A gun would give victims a chance

The following op-ed by Buckeye Firearms Association Legislative Chair Ken Hanson was originally published by The Columbus Dispatch. Republished with permission.

by Ken Hanson

Shortly after midnight on July 20, 2012, James Holmes entered an Aurora, Colo., movie theater and allegedly committed mass murder. I join millions of American gun owners in extending condolences and support to the victims and their families during this time of tragedy.

Before the first funeral was held, numerous politicians and news-media personalities began to question whether gun-control laws in the United States are strict enough, and whether new gun-control laws are needed. This is unfortunately typical in today's "let no crisis go to waste" political environment.

No amount of words set down on a piece of paper ever will prevent a mass murder. Rather, the most effective deterrent against a mass shooting is someone shooting back. Pass all the laws you wish, and the deranged will keep finding a way to shoot (or poison or bomb or burn). Mass shootings with "assault weapons" occurred during the time that the United States had a nationwide-ban on "assault weapons" and magazines that held more than 10 rounds.

And almost every multiple-victim shooting in the past three decades has occurred in a "no-guns" zone. Apparently, these criminals didn't see the no-gun signs.

If strict gun control was passed today, it would have the same effect as strict bans on marijuana, methamphetamines and child pornography. Somehow, we still find people using these prohibited items.

Criminals are criminals because they don't obey the laws. Banning guns is perhaps the most completely documented failure of a law-enforcement strategy in history. Just as you cannot fight shoddy home construction by banning hammers, you cannot prevent violence by banning the tools violent people use. Violence is a people problem, not a tool problem.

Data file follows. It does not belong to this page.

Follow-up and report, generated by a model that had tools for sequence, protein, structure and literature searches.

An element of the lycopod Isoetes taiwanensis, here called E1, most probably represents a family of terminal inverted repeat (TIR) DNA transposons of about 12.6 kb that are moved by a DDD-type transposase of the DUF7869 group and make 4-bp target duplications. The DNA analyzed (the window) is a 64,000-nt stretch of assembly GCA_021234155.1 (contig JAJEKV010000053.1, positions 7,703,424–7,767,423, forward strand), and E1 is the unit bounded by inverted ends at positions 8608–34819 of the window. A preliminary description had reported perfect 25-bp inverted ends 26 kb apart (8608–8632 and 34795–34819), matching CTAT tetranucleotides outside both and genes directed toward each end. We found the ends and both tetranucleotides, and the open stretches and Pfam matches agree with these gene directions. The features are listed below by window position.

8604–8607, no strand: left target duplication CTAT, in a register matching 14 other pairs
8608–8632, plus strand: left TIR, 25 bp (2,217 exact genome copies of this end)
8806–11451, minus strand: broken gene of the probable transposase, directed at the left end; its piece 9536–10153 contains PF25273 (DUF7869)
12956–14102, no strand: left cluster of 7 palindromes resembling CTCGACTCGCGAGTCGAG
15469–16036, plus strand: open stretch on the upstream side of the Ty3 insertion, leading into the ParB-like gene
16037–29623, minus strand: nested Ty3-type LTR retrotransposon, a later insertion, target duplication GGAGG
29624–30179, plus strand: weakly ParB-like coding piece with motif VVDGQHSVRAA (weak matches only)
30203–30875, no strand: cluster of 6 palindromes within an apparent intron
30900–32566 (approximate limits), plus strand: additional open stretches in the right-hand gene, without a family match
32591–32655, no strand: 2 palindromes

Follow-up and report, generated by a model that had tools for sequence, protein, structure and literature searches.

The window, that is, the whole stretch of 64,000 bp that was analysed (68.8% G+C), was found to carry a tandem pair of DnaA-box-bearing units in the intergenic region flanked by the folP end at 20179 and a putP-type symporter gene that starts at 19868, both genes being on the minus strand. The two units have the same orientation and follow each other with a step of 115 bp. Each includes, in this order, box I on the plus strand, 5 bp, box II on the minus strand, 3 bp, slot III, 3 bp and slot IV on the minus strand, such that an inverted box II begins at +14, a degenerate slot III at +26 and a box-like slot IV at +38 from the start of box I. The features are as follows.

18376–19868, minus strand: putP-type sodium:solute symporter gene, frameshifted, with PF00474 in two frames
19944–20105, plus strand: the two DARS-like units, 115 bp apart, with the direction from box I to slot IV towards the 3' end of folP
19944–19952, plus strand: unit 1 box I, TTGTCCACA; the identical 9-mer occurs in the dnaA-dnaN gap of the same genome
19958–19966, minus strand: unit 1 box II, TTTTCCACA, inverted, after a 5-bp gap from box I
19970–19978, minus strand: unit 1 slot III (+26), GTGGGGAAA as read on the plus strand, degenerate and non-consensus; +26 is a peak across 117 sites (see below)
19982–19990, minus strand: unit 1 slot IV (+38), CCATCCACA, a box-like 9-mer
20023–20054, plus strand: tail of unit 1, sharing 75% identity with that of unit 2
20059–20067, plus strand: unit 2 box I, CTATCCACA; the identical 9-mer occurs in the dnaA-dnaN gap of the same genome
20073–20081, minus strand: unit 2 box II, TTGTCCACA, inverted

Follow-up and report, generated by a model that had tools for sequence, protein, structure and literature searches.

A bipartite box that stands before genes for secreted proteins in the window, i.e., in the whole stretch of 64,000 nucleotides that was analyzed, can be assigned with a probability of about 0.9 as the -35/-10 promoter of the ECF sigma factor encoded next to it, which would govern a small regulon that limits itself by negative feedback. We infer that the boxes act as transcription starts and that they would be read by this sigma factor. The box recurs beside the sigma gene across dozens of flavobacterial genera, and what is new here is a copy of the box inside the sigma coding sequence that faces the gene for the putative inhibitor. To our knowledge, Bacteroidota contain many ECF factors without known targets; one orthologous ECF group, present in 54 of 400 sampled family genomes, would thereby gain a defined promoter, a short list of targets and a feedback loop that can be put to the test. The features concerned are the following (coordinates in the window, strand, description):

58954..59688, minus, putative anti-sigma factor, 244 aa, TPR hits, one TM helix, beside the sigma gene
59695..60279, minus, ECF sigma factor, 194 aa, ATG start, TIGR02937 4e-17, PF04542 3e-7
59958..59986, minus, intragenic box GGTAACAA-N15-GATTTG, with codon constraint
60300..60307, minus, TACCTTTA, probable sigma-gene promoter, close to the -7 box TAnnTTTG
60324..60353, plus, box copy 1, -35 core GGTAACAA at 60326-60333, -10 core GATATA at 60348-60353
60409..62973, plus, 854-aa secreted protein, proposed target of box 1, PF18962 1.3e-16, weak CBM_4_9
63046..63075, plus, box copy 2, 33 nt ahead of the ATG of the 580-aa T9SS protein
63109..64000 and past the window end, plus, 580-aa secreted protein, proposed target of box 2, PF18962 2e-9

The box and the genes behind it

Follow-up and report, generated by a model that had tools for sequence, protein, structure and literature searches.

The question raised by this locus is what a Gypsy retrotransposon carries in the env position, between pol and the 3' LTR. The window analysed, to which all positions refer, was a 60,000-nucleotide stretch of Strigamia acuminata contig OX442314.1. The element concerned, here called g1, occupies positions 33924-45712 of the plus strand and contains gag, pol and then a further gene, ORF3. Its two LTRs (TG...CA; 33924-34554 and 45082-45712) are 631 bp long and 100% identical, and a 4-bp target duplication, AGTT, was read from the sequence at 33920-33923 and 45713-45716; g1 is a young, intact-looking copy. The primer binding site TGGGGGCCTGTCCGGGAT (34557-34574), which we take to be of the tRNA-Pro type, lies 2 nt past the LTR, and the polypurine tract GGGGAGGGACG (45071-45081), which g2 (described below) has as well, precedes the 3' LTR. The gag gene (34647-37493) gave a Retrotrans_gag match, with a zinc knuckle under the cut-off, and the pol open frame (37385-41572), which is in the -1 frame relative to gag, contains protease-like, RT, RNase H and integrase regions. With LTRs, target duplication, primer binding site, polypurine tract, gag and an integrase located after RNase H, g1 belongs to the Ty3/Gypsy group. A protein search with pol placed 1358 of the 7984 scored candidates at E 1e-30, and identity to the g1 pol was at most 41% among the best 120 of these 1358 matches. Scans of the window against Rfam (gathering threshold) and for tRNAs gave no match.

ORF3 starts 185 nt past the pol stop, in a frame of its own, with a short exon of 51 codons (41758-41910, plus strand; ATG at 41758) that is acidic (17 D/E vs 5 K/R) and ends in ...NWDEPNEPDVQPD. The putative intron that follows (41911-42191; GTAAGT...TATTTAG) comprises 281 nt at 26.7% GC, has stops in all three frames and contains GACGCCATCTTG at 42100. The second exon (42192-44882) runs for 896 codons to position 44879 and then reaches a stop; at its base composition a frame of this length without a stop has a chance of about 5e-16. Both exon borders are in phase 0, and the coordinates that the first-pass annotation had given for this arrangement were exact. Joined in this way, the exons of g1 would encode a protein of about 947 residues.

This is why talk about "reasonable" gun control makes no sense. Gun control fails to prevent criminals from using guns to commit crime. So what is reasonable about a law that has no effect on crime prevention? Particularly when it comes at the expense of impairing or eliminating a law-abiding person's constitutional right to self-defense.

The uncomfortable truth about mass shootings is that the only one with a chance to stop the shooting is the person being shot at. As the saying goes, when seconds count, the police are minutes away. During the Alrosa Villa shootings in December 2004, Columbus Police officer James Niggemeyer reacted as quickly and as bravely as possible in ending the shooting spree — several minutes and four murders after it began. Even that is unusual; in most multiple-victim shootings, police serve only to document the crime scene after the shooting has stopped.

The No. 1, almost 100 percent consistent factor in all mass shootings is that they occur in areas where the law-abiding are prohibited from having guns. Is it a coincidence that mass-shooting offenders choose gun-free zones for their crimes? In Aurora, it occurred in a theater with "no-gun" signs. Virginia Tech; Fort Hood, Texas; Columbine High School in Colorado, the Lubys restaurant in Killeen, Texas; Heath High School in Paducah, Ky.; the Amish school in West Nickel Mines, Pa.; and Case Western Reserve University — the roll call of mass shootings is a list of gun-free zones.

Please perform the following thought experiment: You are in that theater in Colorado on that horrible night. You have two choices: You can stare at the no-guns sign while waiting for the police to respond and maybe stop the shooting, or you can have a gun in your hand and attempt to defend yourself.

The gun in your hand is not guaranteed to stop the rampage, but which is more likely to save you? If you are counting on the no-guns sign, perhaps you should invest in a lucky rabbit's foot. Both are of equal use when it comes to stopping a spree killer.

Ken Hanson is a Delaware attorney active in gun-rights legislation, litigation and lobbying.

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